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"Rosie" Ross, 101.
plays at The Pine Cone Inn on Fridays.
Photo by Nathaniel Kastelic;
courtesy of the Prescott Daily Courier
One of Arizona’s great living treasures,
Leonard “Rosie” Ross is a testament to the
twin pillars of dedication and
turns 101 in February 2007, is more active and mentally sharper
than many people much younger. As a lifelong
musician — he’s been playing trumpet
professionally since 1923 — Rosie hardly
ever slows down.
His life has been extraordinary; his many
accomplishments include being a member of the
band that replaced Glenn Miller’s band and
performing the “Retreat Ceremony” at the nightly
lowering of the our flag for General Eisenhower
in London during World War II.
Prescott, Arizona, is where Rosie has called
home for nearly three quarters of a century.
"I fell in love with it,” he says.
But he’s hardly a homebody. He can
be found every Friday night, without
exception, playing his trumpet at the Pine
Cone Inn in Prescott. He even drives himself
there! He is frequently called upon to play
“Taps” for services held by the American
Legion Color Guard and also plays private
parties and other gigs.
In addition, Rosie was chosen a few years ago to
represent Arizona in the “Oldest Continuing
Workers” celebration in Washington, D.C. Rosie
sat in with the band at the Washington Hilton
and schooled them in showmanship!
He has appeared in numerous local newspaper and
television stories and is honored and valued by
all who know him. Asked to what he attributes
his longevity, he says it’s simple: a love of
performing. “I love to entertain and make people
happy. I look forward to each gig. And that
makes me happy. As long as people want to hear
Harry James ‘You Made Me Love You’ or Clyde
McCoy’s ‘Sugar Blues,’ I’ll be here to play it
Leonard "Rosie" Ross - 1953
Genworth Financial TV commercial
Rosie is starring in a TV commercial, airing on CNN, CNBC, Fox News
and other networks, for Genworth Financial, an
insurance and investment company. Rosie is one of Genworth Financial's 100+ Stories - 100 Years of Living, Countless
Stories of Life.
Click here to watch and listen to Rosie.
National Centenarian Awareness Project and
The National Centenarian Awareness
Project is very proud of the centenarians
who participated in Genworth Financial's
advertising campaign. Again, these active centenarians are
showing America what its eldest citizens are all
about. Centenarians are the role models for the future of
aging, a statement that is one of the foundations of NCAP.
Active centenarians are breaking the mold, defying the stereotypes
of old age, and enjoying doing so.
NCAP is pleased again to have played an integral role in
presenting interesting centenarians for media involvement,
as well as offering an interesting opportunity to
centenarians. Our documentary, "Centenarians Tell It Like It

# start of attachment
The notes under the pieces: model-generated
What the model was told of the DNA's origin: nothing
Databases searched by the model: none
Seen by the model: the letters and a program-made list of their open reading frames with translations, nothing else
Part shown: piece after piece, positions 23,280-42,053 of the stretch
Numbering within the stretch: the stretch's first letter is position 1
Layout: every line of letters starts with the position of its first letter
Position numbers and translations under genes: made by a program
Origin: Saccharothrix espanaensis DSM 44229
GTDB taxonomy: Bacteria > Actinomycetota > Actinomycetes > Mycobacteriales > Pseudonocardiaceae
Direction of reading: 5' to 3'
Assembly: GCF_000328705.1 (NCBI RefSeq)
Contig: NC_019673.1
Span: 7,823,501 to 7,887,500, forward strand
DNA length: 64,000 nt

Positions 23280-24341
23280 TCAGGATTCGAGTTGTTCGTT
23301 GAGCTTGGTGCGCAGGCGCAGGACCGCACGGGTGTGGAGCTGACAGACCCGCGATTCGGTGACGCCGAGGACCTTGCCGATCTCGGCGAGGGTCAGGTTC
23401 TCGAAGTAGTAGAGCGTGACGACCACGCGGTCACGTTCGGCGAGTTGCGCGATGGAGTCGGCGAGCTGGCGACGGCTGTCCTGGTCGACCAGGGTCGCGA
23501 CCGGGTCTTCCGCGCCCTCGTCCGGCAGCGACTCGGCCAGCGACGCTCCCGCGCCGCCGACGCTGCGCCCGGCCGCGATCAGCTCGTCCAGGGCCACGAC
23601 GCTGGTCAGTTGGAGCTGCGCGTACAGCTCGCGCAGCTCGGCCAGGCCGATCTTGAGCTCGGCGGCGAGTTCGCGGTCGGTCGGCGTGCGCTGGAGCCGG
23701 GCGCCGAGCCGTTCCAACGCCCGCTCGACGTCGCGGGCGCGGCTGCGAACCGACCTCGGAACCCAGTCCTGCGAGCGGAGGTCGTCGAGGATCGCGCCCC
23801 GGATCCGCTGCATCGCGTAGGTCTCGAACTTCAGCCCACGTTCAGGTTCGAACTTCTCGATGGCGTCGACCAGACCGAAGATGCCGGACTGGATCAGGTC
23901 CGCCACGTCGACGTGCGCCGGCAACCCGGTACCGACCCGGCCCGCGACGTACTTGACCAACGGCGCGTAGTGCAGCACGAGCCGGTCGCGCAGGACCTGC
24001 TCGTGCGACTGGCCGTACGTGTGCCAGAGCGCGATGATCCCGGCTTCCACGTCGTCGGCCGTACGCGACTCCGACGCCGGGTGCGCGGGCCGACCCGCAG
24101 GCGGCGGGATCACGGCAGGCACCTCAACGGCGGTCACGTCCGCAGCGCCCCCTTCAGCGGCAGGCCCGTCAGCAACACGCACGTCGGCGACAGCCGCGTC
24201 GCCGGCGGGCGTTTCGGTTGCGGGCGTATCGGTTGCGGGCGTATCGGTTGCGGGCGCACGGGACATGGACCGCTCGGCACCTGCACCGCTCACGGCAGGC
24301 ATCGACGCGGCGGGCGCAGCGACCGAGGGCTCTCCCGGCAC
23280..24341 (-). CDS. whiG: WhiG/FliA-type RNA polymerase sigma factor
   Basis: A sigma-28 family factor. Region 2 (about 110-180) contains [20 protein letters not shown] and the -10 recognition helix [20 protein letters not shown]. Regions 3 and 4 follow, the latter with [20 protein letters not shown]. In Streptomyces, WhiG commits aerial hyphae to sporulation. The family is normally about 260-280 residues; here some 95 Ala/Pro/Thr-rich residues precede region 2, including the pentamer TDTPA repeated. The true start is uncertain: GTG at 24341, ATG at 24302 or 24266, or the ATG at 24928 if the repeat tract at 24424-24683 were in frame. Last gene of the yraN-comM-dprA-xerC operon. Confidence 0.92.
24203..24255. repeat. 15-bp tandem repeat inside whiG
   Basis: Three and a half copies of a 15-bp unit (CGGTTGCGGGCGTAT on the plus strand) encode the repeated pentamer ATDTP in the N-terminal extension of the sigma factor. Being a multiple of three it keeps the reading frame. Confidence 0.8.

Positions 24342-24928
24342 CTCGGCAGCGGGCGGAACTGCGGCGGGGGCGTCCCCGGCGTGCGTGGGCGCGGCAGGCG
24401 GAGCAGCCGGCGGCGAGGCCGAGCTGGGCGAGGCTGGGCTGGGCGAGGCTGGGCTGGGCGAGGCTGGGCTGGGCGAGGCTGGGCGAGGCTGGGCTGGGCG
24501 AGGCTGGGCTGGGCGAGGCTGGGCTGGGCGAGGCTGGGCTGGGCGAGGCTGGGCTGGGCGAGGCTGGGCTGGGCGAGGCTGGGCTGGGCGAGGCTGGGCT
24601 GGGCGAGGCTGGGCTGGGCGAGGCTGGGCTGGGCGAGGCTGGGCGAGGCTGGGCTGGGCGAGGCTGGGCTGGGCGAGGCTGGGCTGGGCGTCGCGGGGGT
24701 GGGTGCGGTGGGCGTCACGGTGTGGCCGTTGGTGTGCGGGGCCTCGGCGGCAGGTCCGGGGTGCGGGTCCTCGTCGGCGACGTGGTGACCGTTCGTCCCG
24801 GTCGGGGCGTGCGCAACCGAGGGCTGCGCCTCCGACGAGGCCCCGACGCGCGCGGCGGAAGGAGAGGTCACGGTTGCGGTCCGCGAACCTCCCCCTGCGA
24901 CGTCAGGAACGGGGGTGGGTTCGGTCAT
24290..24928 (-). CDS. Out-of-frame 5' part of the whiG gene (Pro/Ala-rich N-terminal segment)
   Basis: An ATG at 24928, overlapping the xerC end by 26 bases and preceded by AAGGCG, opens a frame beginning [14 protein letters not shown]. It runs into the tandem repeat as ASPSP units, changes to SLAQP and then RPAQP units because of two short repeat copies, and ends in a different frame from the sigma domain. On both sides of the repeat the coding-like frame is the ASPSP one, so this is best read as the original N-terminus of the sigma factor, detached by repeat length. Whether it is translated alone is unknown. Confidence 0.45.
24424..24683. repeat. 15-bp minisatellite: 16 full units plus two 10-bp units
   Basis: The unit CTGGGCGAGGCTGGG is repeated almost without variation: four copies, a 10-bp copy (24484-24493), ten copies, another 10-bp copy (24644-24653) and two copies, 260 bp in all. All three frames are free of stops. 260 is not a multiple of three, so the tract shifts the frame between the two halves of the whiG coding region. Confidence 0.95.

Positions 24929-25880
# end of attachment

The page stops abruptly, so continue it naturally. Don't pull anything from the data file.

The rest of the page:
Is," and this website were used by the creators of these
commercials to "pitch" the client, demonstrating the
capabilities of centenarians. Genworth Financial is
pleased with the result, and we commend them for breaking
new ground in the advertising field!
Click here to view
on Genworth Financial's
Excerpt from The Wall Street
Journal, June 13, 2006
Insurer Celebrates Well-Lived Lives
Centenarians Star In Genworth Campaign - Will Boomers Be Turned Off?
By Kelly Greene
Many marketers have
avoided using the elderly in commercials targeting baby boomers,
worried that reminders of aging would turn them off. But insurer
Genworth Financial is featuring six centenarians — wrinkles and all
— in a series of television and print ads starting this week.
WPP Group’s Impact advertising agency in New York came
up with the idea of using vignettes of vibrant people in the
100-plus set to raise the profile of its insurance products, all of
which are tied to security in later life. The list includes life
insurance, long-term care insurance, annuities and mortgage
.... If the ads attract attention from consumers, too, so much the
better, says Buzz Richmond, Genworth’s senior vice president and
brand leader. “We thought this concept of centenarian would be a
fascinating story of no matter how long you live, it’s important to
plan for the future,” he says.
The people featured in the ads aren’t your
stereotypically frail elders. The first commercial, running on cable
networks including ESPN, CNN, Fox News and Discovery, shows
100-year-old Leonard “Rosie” Ross playing the trumpet — he still has
a regular Friday gig — and driving his own car.
... Mr. Richmond says he worried that the campaign could misfire
with baby boomers “in total denial about aging” and with younger
people who “don’t want to look at old people, period.” But when
Genworth employees, brokers and agents saw a mockup of the ads, he
adds, “the response basically was, ‘I want to be that person. I want
to be 100, and I want to be as healthy as that person when I get to
To find the six people finally chosen for the Genworth
campaign, Impact combed the Internet and worked with groups that
study centenarians [including NCAP] to assemble a pool of
about 80 people. It then whittled the group down to eight finalists
for four TV spots...
"Their frame of reference was so different from ours,"
says Rachel Howald, an Impact creative director. "They all
remembered seeing a car for the first time, and getting electricity
in their homes.”